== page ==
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Whatever you decide to create for your Dumb Supper, ensure you use what’s in season, and connect to the energies of Samhain.  Foodstuff in season can consisting of apples, pumpkins, corn, mushrooms, turnips, pomegranates, garlic, onions, potatoes, wine/mead, meat, nuts, within your meal offering for the ancestors.  Herbs which can be infused in your food and drink which resonate with the energies of Samhain are rosemary, mugwort, rue, tarragon, sage, wormwood, bay, nettle, mandrake, nutmeg, fennel (please note some of these herbs can be toxic with overuse or be incompatible with pregnant women so please refer to a material medica for further detailed information on the herbs you use).

If you would like some recipes check out my food blog:

https://madammagick.wordpress.com/recipes/

(c) T. Georgitsis 2014

Blending and Baking for Beltaine

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Beltane is a fertility festival where the union of the God and Goddess is honored.   Its a time of plentiful abundance and as such we can celebrate it as a feasting holiday.  A way to honor the earth’s blooming richness during Beltane is to hold a ritual with symbols of male and female fertility to signify the fruitfulness of the land and in turn us. It is also customary to hold a meal after the ceremony in celebration, which is called Agape in the Wiccan tradition I am initiated in.  Agape is a ritualistic meal after the customary rite has ended and circle is closed and the attendees are gathered around a hearth table or fireplace to eat and drink in merriment and the word itself means love in Greek.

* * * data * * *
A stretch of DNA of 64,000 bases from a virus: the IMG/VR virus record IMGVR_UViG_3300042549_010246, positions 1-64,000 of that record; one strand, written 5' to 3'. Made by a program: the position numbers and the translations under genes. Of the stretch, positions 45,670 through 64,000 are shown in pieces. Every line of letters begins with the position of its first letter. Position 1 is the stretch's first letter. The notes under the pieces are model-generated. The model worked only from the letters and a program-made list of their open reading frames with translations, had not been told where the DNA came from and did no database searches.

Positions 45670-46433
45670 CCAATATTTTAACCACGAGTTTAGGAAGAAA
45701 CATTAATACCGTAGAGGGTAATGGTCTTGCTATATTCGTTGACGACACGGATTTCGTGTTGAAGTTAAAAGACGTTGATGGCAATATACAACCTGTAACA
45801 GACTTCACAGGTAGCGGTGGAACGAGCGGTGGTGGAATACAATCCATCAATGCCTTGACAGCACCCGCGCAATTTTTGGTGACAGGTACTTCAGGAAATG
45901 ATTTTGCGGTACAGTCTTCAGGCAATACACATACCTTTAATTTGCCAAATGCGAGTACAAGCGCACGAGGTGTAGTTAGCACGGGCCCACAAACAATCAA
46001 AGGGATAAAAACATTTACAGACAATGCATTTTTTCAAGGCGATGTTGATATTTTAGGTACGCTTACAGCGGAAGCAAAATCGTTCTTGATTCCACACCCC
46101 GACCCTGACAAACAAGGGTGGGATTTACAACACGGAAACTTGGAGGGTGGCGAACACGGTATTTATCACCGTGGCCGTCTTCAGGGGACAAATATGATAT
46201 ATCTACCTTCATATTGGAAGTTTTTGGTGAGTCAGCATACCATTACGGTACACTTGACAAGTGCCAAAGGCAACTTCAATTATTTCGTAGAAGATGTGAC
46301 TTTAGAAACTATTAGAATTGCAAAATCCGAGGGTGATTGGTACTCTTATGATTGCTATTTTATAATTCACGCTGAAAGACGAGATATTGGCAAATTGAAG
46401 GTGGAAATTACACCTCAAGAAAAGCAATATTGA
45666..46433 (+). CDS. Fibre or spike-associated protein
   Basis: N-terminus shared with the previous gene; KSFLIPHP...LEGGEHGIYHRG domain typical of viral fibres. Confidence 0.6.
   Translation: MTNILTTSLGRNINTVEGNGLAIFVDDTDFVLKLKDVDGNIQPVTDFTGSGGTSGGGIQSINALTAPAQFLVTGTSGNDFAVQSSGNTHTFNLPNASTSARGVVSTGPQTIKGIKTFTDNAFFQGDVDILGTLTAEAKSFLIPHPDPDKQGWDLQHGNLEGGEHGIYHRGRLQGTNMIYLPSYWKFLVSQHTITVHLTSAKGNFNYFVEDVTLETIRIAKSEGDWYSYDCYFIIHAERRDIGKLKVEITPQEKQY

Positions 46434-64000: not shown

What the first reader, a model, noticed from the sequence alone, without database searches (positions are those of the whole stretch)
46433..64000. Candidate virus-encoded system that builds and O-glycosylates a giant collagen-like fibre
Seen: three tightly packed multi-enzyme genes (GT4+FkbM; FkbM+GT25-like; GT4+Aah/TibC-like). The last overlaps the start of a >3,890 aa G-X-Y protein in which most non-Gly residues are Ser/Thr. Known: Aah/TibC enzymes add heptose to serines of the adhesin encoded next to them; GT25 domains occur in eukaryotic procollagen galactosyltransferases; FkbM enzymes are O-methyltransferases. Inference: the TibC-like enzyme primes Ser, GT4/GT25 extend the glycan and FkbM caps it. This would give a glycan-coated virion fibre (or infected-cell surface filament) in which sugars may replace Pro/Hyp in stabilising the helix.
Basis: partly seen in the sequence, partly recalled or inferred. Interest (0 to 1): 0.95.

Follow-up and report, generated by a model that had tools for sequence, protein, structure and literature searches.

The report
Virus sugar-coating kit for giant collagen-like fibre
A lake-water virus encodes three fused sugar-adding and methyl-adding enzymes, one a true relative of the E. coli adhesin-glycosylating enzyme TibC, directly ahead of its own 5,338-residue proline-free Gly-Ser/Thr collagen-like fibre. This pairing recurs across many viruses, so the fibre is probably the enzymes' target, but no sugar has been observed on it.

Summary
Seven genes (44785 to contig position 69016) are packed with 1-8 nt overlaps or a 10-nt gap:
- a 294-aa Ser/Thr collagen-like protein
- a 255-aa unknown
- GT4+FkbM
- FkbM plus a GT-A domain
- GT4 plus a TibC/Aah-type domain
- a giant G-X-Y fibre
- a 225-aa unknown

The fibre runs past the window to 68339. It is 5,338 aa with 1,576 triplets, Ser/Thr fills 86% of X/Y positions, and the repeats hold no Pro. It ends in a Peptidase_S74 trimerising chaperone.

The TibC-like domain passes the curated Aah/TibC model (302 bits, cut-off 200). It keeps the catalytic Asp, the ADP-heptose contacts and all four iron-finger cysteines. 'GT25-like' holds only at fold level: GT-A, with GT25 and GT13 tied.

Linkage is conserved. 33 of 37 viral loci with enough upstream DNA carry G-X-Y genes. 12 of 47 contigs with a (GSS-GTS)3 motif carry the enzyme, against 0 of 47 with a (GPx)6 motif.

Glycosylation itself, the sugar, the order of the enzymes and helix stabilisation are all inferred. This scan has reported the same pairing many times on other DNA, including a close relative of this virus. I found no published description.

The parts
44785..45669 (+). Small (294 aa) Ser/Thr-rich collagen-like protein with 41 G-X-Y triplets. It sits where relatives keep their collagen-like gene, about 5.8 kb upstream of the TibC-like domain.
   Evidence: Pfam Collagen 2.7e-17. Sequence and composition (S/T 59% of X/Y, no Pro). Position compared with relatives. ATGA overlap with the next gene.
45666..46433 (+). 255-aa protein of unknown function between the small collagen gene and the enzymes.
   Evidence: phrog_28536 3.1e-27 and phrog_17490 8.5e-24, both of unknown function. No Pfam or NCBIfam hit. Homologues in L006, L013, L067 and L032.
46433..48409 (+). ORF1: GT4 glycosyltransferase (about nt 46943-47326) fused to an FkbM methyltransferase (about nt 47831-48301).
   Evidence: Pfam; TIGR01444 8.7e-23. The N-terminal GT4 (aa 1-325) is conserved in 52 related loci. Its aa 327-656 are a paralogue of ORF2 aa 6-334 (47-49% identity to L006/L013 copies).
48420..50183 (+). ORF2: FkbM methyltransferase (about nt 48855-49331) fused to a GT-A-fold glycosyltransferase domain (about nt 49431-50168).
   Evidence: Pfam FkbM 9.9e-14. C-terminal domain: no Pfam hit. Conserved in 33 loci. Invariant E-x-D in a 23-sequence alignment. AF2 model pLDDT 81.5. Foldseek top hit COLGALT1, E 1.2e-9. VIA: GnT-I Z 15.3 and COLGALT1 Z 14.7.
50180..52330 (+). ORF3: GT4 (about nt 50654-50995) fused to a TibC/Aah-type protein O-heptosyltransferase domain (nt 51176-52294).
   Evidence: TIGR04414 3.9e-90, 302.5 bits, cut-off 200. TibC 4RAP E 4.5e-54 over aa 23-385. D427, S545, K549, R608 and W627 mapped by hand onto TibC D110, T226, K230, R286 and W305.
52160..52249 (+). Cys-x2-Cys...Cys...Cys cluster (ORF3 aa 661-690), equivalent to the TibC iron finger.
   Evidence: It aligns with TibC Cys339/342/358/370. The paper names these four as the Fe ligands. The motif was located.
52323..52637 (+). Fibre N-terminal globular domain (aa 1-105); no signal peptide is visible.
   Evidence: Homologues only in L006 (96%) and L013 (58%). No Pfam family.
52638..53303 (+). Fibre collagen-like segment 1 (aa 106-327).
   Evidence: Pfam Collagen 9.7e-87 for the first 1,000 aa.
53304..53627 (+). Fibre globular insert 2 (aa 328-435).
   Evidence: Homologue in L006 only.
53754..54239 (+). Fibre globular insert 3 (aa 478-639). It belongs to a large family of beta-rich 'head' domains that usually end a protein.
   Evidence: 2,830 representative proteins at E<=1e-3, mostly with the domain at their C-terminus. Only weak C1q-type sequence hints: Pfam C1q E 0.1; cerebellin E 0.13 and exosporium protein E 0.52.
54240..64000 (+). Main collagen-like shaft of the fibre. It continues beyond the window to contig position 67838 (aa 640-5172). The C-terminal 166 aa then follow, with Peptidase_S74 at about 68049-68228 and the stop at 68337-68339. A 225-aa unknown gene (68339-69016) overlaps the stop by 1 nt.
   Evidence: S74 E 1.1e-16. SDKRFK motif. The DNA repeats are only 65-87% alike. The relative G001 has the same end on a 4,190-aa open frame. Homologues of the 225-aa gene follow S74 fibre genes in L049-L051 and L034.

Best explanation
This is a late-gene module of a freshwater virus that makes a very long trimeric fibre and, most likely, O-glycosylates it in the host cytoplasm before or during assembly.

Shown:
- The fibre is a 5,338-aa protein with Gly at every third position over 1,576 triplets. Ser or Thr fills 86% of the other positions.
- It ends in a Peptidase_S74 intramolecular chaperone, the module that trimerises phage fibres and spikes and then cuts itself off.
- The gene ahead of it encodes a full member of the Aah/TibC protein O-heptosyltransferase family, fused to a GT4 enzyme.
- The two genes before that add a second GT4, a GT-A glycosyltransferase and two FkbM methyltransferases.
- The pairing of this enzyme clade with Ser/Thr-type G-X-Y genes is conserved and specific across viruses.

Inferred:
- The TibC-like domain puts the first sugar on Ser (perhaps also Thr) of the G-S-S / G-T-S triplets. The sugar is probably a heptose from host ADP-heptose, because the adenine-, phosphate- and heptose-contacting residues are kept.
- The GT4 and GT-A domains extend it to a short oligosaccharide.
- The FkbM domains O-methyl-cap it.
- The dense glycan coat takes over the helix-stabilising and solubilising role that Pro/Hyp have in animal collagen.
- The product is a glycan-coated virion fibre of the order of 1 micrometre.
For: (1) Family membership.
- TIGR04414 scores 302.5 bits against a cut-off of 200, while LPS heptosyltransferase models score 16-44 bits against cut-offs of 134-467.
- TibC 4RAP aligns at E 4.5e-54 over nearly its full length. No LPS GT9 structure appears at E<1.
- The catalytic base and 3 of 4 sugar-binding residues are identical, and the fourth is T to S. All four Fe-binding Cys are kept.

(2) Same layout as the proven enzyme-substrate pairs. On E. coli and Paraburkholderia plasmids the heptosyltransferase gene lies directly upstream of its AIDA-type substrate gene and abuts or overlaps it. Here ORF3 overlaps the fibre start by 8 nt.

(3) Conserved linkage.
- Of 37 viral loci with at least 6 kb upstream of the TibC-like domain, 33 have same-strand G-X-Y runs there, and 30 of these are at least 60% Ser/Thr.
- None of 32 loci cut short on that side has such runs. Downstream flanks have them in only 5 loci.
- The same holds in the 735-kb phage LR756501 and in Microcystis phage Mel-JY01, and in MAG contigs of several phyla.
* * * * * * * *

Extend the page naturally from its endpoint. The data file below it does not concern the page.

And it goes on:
One of the things which stands out for me during Wiccan ritual is the cakes and wine sharing within the coven which is similar to the catholic church sacrament but predates it.  Its where after our magickal working within the cast circle, cakes and wine is passed around by the coven members, which the Priestess and Priest initiate before the altar.  The cake and wine is shared among those gathered to ground and give thanks in honor of the God and Goddess for the blessings they have bestowed upon us.  When the goblet of wine is passed around the words “May you never thirst” are spoken before being handed to the next participant and when the cakes plate (sometimes the earth pentacle is used) is passed around the words “May you never hunger” are spoken before they are handed to the next person.  I find this form of blessing quite beneficial as not only does it bless us with the prosperity and bounty of the God and Goddess but it connects the coven in an act of love through the sharing of food in the name of deity.